Press release: ‘Reckless’ skip company boss ordered to pay almost £25,000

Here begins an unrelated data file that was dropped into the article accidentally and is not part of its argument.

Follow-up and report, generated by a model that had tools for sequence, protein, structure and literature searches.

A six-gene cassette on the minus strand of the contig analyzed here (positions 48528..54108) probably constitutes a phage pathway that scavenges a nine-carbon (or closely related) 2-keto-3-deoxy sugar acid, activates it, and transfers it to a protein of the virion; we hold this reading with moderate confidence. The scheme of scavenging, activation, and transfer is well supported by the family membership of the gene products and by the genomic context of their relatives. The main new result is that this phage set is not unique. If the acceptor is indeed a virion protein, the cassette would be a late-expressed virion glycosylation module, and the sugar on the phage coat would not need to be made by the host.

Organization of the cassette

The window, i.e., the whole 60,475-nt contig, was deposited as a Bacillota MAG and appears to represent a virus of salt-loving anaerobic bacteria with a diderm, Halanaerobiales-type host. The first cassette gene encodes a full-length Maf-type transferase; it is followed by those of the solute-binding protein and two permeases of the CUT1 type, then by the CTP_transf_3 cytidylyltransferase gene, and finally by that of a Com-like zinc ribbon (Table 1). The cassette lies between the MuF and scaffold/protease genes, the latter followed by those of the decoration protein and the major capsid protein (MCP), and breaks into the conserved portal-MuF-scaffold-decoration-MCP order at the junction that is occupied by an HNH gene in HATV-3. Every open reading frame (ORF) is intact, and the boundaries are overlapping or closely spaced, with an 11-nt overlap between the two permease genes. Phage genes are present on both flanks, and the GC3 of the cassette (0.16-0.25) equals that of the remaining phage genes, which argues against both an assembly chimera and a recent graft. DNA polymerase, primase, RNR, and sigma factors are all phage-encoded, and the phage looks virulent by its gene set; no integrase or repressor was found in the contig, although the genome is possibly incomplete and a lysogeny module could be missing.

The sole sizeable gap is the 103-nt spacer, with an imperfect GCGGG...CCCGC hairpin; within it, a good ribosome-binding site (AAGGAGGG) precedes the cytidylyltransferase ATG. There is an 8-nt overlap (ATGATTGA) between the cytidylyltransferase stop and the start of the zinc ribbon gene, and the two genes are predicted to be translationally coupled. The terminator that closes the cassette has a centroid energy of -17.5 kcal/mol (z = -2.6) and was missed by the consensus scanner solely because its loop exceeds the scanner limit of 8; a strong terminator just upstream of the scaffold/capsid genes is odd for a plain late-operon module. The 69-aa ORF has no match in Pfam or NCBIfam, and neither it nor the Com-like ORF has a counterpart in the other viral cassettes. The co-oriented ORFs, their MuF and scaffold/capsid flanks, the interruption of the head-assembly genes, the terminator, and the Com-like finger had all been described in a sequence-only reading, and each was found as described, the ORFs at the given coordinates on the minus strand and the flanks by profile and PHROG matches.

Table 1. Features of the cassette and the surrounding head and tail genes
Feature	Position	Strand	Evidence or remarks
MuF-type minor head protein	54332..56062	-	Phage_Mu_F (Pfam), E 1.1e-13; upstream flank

first_img This unlawful waste disposal could have been prevented if the code of practice had been followed. By breaching his duty of care, he avoided the costs and taxes involved in sending waste to a permitted site. After the hearing, Environment Agency officer Tom Pickover said: Owner/operator Robert Walker of Bob’s Skips in Basildon, Essex, failed to check the legitimacy of a haulier who claimed to be working for a genuine haulage company. The driver did not work for the company and was using fake waste transfer notices. The waste was later found fly-tipped at 4 different locations in Essex.Chelmsford Magistrates’ Court heard today that the rogue trader had made a cold call to Walker’s company looking for something to fill his lorry for a return journey.Mrs Sarah Dunne, prosecuting for the Environment Agency, told magistrates that Walker, 54, of Whitmore Way, Basildon, arranged 4 of these deliveries.She told the court that Walker had asked for waste transfer notices but made no further enquiries about the legitimacy of the company and failed to notice the forms were not filled in properly.He also had no idea where the waste was being taken nor did he check that it had arrived at its destination – all part of his duty of care. Due to the inaccurate nature of the paperwork, it was not possible to trace the lorry or the driver.Mrs Dunne said Walker had been reckless and breached the duty of care he had when managing waste. Walker was fined £10,000, ordered to pay £8,300 towards the costs of the clean-up of the fly-tipped rubbish and £6,532 in costs. There was also a £30 victim surcharge.The defendant pleaded guilty to:Between 1 January 2018 and 31 January 2018 you failed to comply with the duty of care imposed by section 34(1)(a) of the Environmental Protection Act 1990 in that, being a person that disposes of controlled waste, namely, a skip full of mixed waste, did fail to take such measures as were reasonable in the circumstances to prevent any contravention by any other person of section 33 of the Environmental Protection Act 1990 contrary to section 34(1)(a) and (6) Environmental Protection Act 1990.Between 1 February 2018 and 28 February 2018 you failed to comply with the duty of care imposed by section 34(1)(a) of the Environmental Protection Act 1990 in that, being a person that disposes of controlled waste, namely, a trailer full of mixed waste, did fail to take such measures as were reasonable in the circumstances to prevent any contravention by any other person of section 33 of the Environmental Protection Act 1990 contrary to section 34(1)(a) and (6) Environmental Protection Act 1990.Between 1 January 2018 and 31 January 2018 you failed to comply with the duty of care imposed by section 34(1)(a) of the Environmental Protection Act 1990 in that, being a person that disposes of controlled waste, namely, a skip full of mixed waste, did fail to take such measures as were reasonable in the circumstances to prevent any contravention by any other person of section 33 of the Environmental Protection Act 1990 contrary to section 34(1)(a) and (6) Environmental Protection Act 1990.Between 1 February 2018 and 28 February 2018 you failed to comply with the duty of care imposed by section 34(1)(a) of the Environmental Protection Act 1990 in that, being a person that disposes of controlled waste, namely, a trailer full of mixed waste, did fail to take such measures as were reasonable in the circumstances to prevent any contravention by any other person of section 33 of the Environmental Protection Act 1990 contrary to section 34(1)(a) and (6) Environmental Protection Act 1990. We hope this sends out a clear message to waste operators that they cannot take a cavalier approach to its disposal. The duty of care rules are there to protect the environment and legitimate traders who want to do a good job of disposing of waste properly.last_img read more